Saffron Honey Gingerbread ice cream

Christmas ice cream time is coming! Saffron – the world’s most expensive spice – and gingerbread cookies are flavours with special connection to Christmas, and avid readers knows that we already explored quite a number of gingerbread- and saffron ice cream recipes on the blog. But what if we were to combine these delightful flavours?

Saffron and gingerbread – let’s check how that combination works out!

Combining saffron and gingerbread?

When combining flavours in ice creams, the result can be a lot of things: a harmonious blend, a total mess, or a mix of still clearly distinguishable parts.

This ice cream aims for the latter: a saffron ice cream base with gingerbread cookie crumbles!

While there are many nice saffron ice cream recipies to choose between, I chose a Sicilian gelato-based one this time. Sicilian gelato has all the major qualities of a classic custard-base, but is eggless and does not contain that much cream (fat) either! Instead,  added corn starch ensures the pleasant and smooth consistency. To sweeten things even further (while also reducing the iciness of the final ice cream), I also replaced some of the usual sugar with honey! (Honey, as you may know, is a type of inverted sugar: inverted sugars typically act as more powerful freezing-point depressors than “normal” white sugar (= providing more anti-freeze and preventing the creation of nasty large ice crystals).

For the gingerbread cookies, I took the easy way out and simply bought some good ones: if you like to bake, do use your own 🙂

If you make your own gingerbread cookies – by all means, consider using those! But store-bought cookies will work well too 🙂


The Saffron

Those interested in saffron can read more about this fascinating spice in this post.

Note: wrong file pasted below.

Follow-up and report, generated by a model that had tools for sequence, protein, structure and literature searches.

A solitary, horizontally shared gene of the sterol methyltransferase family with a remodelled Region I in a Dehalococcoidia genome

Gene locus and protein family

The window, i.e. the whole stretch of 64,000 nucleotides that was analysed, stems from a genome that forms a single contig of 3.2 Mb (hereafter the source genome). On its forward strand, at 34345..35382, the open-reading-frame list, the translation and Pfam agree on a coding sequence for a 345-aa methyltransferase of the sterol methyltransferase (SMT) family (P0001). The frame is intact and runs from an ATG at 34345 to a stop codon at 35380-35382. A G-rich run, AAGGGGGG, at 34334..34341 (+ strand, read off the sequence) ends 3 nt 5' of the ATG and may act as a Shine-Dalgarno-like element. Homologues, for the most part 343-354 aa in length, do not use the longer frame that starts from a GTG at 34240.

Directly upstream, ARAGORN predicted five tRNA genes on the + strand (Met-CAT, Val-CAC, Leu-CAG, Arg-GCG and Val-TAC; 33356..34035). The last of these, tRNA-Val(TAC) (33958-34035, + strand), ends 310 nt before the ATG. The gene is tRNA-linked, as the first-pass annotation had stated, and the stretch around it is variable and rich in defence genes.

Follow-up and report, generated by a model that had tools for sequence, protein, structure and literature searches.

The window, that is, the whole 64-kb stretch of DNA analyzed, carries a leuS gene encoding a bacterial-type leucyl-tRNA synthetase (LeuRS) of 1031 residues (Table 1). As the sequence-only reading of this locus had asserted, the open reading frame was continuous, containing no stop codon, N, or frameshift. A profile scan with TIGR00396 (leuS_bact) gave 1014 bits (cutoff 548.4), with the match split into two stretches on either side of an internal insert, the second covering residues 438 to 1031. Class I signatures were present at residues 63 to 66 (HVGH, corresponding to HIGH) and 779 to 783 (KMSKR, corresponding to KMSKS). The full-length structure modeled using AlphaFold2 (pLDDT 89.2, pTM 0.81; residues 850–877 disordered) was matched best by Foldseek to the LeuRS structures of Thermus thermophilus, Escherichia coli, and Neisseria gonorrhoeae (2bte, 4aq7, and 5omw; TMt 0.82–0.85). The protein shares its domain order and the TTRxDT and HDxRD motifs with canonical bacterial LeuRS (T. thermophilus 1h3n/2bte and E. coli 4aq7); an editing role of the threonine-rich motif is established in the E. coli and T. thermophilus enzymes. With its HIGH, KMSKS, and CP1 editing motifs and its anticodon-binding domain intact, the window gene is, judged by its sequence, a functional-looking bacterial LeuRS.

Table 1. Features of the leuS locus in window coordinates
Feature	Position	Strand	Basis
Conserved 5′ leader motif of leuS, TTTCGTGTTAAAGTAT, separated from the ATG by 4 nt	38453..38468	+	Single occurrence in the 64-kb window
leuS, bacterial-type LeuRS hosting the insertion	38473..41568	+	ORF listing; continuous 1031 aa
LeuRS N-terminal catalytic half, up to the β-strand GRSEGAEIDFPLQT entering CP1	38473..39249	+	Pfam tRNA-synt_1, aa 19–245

It takes an enormous amount of saffron crocus flowers to produce just a few grams of dried saffron, making it a prime contender for “most expensive spice on earth”. Fortunately, a very small dose goes a long way: we will only need 1/2 gram. While buying saffron already powdered usually works fine for me, many affecionados swear by the need to do the pestling on one’s own – which I did this time, and which also worked out very well.


When pestling saffron, add some sugar to the mortar to ensure a good result!


Voila – the saffron sugar is ready, after some diligent pestling!

The Sicilian gelato base

While Sicilian gelato requires cooking on the stove, it is still easier to prepare than a typical, egg-based custard ice cream. Why?  – Instead of eggs (a typical core-element in custard bases) we will use (corn) starch for stability and texture! While some may miss the “eggy” flavour touch that eggs in ice cream bring, the starch will take care of all other (consistency-related) things that egg yolks do so well, and will also allow the flavours to shine without the “eggy” touch (whether or not you prefer the “eggy touch” is clearly something for you to consider – nothing stops you from converting this recipe and use a “normal” custard base made with eggs!).

Without eggs, however, we won’t have to worry about creating scrambled eggs by mistake:  unlike eggs, heating a starch-base is quite easy – no need for strict monitoring of particularly temperatures that must be maintained, neither for the thickening nor for the pasteurisation: starch only needs about 50°C (122° F) in order to begin to  thicken (“gelatinize”), and will still behave rather robustly also on higher temperatures (that said, the base should preferably never boil as high temperatures actually would tend to “thin out” the base by reducing the starch-impact).